The manifesto also pledges that Labour refuse to make “false promises” on immigration. Although this is a smart move compared to the disastrous “controls” handling of 2015; Brexit showed that Britain overall wants immigration reform, and this is something that once again Labour is not addressing. A problem for Labour is that whilst the public do lean left on some issues, and find some left policies popular, they also are favourable to some pledges on the right. Most voters want to be tough on welfare, tough on immigration, and tough on security and terror.
A manifesto is also only as plausible as the leader who presents it, and as I previously mentioned, a vote is often determined by the public’s collective impression of a party and its leader. Theresa May currently leads Corbyn as the public’s preferred PM by 49% to 21%, much wider than the gap was between Cameron and Miliband. In other issues, the public also back the current government. On Brexit, the Tories lead Labour by 39% to 12%, and on the economy, they lead by 40% to 12%. The only area Labour do lead is on the NHS, but when replacing party names with leader’s names, May outpolls Corbyn once again.
Unfortunately, as a Labour member, there are many areas that the manifesto fail to address. Areas that will be crucial to the swing voters we need. As Luke Akehurst brilliantly put, “The way to judge a manifesto is not “do I like these policies?” but “will a voter in a marginal seat switch from Con to Lab because of it?”. The manifesto merely brushes over the issues of Brexit, and welfare, and fails to look at issues including increasing wealth, childcare, and security in the world’s current climate.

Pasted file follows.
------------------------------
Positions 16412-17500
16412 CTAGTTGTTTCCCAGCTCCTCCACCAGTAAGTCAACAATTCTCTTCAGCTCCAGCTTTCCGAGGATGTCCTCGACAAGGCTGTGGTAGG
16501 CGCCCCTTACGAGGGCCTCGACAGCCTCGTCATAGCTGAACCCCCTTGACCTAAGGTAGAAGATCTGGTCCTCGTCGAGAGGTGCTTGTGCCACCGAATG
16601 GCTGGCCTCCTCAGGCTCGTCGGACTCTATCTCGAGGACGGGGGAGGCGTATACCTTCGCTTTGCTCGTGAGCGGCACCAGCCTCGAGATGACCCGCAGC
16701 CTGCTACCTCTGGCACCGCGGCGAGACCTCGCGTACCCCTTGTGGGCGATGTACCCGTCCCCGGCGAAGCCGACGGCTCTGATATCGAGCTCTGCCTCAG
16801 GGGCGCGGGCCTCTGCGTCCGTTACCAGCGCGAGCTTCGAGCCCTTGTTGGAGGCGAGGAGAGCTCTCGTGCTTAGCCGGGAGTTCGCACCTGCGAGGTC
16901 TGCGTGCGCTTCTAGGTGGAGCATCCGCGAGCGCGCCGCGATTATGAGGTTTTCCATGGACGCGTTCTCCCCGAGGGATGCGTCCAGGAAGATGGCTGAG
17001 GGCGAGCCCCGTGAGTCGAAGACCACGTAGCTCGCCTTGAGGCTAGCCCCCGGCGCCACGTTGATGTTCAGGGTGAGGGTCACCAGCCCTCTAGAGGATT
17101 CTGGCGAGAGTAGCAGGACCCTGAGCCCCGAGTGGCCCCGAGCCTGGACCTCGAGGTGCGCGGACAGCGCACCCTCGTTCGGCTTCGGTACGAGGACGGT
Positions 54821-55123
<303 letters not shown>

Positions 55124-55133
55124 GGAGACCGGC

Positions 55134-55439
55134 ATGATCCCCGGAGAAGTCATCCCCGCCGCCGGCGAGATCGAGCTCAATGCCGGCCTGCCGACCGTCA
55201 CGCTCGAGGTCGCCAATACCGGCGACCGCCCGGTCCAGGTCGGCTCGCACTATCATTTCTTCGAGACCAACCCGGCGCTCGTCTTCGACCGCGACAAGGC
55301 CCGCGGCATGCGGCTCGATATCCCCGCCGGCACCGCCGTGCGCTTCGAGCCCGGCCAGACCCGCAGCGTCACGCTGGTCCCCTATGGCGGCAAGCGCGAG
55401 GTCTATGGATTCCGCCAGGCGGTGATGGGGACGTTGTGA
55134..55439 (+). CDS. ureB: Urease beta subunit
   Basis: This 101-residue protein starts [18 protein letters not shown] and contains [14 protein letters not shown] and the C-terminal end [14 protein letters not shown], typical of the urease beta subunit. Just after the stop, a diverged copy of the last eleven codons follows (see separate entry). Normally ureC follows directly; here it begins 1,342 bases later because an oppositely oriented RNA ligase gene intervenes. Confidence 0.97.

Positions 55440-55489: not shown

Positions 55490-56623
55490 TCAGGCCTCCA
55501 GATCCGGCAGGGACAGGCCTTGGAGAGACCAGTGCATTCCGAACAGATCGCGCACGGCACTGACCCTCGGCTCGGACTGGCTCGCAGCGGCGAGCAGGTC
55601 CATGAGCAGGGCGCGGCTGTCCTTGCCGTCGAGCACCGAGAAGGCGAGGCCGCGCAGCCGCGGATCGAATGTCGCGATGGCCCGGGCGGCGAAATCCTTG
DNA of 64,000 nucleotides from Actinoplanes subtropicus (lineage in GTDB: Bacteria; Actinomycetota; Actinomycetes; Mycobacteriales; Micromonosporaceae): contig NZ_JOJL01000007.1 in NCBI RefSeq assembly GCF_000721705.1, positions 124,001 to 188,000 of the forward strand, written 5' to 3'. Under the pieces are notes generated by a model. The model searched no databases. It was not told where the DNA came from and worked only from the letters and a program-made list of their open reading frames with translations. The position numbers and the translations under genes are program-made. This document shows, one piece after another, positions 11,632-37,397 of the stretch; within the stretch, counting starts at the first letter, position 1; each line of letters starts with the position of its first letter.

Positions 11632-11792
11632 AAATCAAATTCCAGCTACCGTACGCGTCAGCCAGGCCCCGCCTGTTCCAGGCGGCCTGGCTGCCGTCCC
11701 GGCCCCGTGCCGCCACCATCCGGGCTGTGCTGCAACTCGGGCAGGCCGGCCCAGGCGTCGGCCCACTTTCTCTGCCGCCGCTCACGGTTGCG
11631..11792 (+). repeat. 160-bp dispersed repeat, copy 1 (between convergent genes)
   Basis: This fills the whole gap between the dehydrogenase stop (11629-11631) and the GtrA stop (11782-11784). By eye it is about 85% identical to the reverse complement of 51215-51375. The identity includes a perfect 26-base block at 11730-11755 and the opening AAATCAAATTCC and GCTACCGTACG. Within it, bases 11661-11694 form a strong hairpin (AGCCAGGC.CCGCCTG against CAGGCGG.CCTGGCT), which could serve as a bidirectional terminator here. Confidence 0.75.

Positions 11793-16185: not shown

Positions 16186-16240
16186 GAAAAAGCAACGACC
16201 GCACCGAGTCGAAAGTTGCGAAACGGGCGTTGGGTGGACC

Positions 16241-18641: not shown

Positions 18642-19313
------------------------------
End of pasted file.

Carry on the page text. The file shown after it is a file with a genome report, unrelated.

There are also some policies that I doubt will be as popular as many would believe. One that comes to mind is the pledge to abolish University tuition fees. As highlighted by Martin Kettle “should Labour really abolish tuition fees for the middle classes, many of whose children have gone to private schools, others of whom can well afford them?” Ben Gartside also highlights that “tuition fees are not the educational barrier they are presented to be”, and “tuition fees make up over half of many university budgets”, which will need replacing.
He makes the case that tuition fees should not be abolished, but a certain set percentage should go back into pre-school education, where the drop-off of deprived children is at its largest. Another issue is the NHS, and the funding that Labour wants to give. The UK is a growing, and ageing population, and although throwing money at the NHS is popular, it is very much the easy way out. More needs to be done to bridge the gap between health and social care, and find solutions to the long-term problems we face.
The media coverage, both visual, and social will tell you that Labour has a great week. The manifesto leak got plenty of positive coverage, and overall, the reaction from the public was also positive. It does however not change the underlying facts when it comes to elections. Manifesto’s aren’t everything. The Tories are seen to be delivering on Brexit, immigration, and jobs, and until this narrative has been changed, all efforts are pointless. This is the inconvenient truth.